5. Devan says:

    Thanks, I’ll have to keep my eye on this. I always dislike crossing borders, especially at airports; the suspicion by default, the see-through-your-clothing scanners, the small but ever-present chance that some officer’s having a bad day and decides to ruin yours.
    I guess it’s good to see things from the officer’s perspective too. To me it seems it’s just a poor situation all-round.

    • cfcannon says:

      The see through clothes scanners don’t bug me as much as when the tsa guard feels the need to thoroughly inspect my penis through my pants for two minutes to make sure it isn’t a bomb. Bastard didn’t even finish the job.

  6. MOKKA says:

    Most impressive game I played so far this year.

  7. Kollega says:

    It has been said before that games made by ex-Soviet people and set in Russia or around it are depression simulators with guns. Well, here’s a game only set “or around”, and therefore it’s a depression simulator with guns without guns. Fantastic!

    The point of that post is that i think i’ll be a dissenter – i won’t play this game, and i won’t say it’s great, even if it’s only because what i see around myself is depressing enough. Maybe that’s not a “mature” or “progressive” stance to take, but i prefer games that let me escape my moderately grim reality or take me above it, not plunge me headfirst into it.

  8. yhalothar says:

    Oooh, this invokes a lot of childhood memories…

  9. Zyrxil says:

    I tried it yesterday and it was amazingly effective in what it tries to do. Before long I was memorizing valid Issuing Cities for each regional passport so I could deny or approve them quicker so I could make enough money to pay for rent/heat/food for my family and their Class-8 accommodations. Alternating days without heat or food became a matter of course. The requirements for entry became ever more complex, cutting into my clearance speed and of course salary. Then came the occasional asylum seekers- should I pass them through anyway and incur demerits and docked pay? Who were they to impose such a burden on me? I had to buy medicine for my son! Still, it was somehow enjoyable as a game. I’m looking forward to the full version.

  10. JB says:

    It’s a strong game. I played it twice last night and I think I’ll be playing it again tonight.

    I found it a lot easier second time around but it was still a challenge. My family were certainly a lot better off second time around. I managed to make a lot of cash in the first 2-3 days, so we had heat AND food the whole time, pretty much. My son only got sick once.

    Apparently I’d have made a pretty good border official in ’82. Other than being a 6-year-old.

    • mouton says:

      They key to a good family life is understanding that your beloved only need heat and food every other day.

  11. DonJefe says:

    Just played the demo. A lot of fun. Try it!

  12. Jorum says:

    Not played it yet, but reminds me of Floor 13.
    Which is a game that needs a goddamn remake already.

  13. soldant says:

    I enjoyed this way too much.

  14. Yglorba says:

    The old man is my favorite character.


    Does anything special happen if you let him through? The second time, I mean; I don’t see how you even could the first time.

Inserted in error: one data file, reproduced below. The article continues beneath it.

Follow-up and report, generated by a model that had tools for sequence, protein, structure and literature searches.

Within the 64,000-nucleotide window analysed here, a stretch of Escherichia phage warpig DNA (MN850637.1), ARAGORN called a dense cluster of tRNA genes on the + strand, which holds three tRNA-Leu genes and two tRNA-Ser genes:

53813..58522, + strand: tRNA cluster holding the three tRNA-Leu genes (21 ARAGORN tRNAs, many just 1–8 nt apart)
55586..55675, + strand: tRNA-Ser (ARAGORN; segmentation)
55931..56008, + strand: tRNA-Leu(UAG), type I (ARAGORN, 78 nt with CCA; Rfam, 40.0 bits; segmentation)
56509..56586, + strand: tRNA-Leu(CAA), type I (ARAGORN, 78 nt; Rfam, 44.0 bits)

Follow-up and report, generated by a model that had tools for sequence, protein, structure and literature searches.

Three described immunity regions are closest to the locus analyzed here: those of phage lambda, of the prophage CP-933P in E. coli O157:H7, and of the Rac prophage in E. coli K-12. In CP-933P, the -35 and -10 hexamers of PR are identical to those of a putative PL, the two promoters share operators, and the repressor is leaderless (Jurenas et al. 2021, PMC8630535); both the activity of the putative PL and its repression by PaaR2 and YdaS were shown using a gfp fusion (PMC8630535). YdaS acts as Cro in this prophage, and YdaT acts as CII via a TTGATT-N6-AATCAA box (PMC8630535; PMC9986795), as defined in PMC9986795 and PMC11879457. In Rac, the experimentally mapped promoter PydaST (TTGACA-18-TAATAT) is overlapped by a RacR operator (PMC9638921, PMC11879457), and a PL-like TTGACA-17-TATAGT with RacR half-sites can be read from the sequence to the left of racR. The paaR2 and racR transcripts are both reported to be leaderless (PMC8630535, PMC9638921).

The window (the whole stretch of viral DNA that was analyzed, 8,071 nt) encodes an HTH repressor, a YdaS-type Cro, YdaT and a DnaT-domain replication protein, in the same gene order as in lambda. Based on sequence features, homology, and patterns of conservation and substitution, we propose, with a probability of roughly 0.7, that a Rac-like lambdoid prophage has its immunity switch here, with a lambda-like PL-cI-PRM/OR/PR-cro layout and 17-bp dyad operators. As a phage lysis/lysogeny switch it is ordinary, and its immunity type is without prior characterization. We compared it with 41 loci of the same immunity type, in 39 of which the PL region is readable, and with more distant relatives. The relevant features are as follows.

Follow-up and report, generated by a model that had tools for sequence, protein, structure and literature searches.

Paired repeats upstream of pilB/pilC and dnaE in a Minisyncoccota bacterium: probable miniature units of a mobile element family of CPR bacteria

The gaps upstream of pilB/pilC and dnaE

• belgand says:

      I felt upset that I couldn’t have him arrested. Same goes for the people with a sob story, but obviously fake documents. It just feels wrong to let them go with a visa denial rather than arrest them for obviously trying to sneak in.

      Of course, I also wanted to be able to accept bribes, but then arrest the person for attempting to bribe me or just deny them anyway. I’ll never really understand that concept. Just because you bribe someone why on Earth would they ever actually follow through with it? Especially if there isn’t any possibility for future bribes? What would they even say? That their bribe wasn’t being honored?

      • CannedLizard says:

        You seem like a scary person….

        One thing I like about this game is it makes taking a bribe conscionable. You NEED that money, and odds are you don’t believe much in the things you’re enforcing either, so if you have a penalty-free warning available, why not go for it?

  15. belgand says:

    What’s the deal with the last day (in the beta) where you get someone leaving you a note with a name on it and talking about “The Cause” or such? Whenever he shows up his papers are in order and if I try to deny him entry I get docked! It seems like someone I’m supposed to be secretly allowing through.

    That’s the other element that would be interesting. Not just letting people through and taking a penalty, but actively trying to falsify records or otherwise sneak them in, but with much greater consequences if you’re discovered. Possibly also a button or other option to try to solicit a bribe, but with significant consequences if you’re found out. Perhaps some of the people with erroneous papers are themselves secret police trying to test the integrity of the border controls.

    • CannedLizard says:

      Mild spoilers: it’s a test. You have to hand it to the person with that name. Probably in the full game it would be the start of a major sub-plot, like the Secret Masters of Thoth missions in Floor 13, mentioned higher up the comment thread.

  16. Shazbut says:

    This is brilliant

  17. Keroton says:



  18. Ragnar says:

    I like the premise behind it, and the choices it asks you to make, but boy does it really feel like work after a bit.

    I gave up on it after the – mild spoiler – nude scanner was introduced. Every time I’d get a man, they’d scan completely clean, but I’d get docked for admitted a potential smuggler. /boggle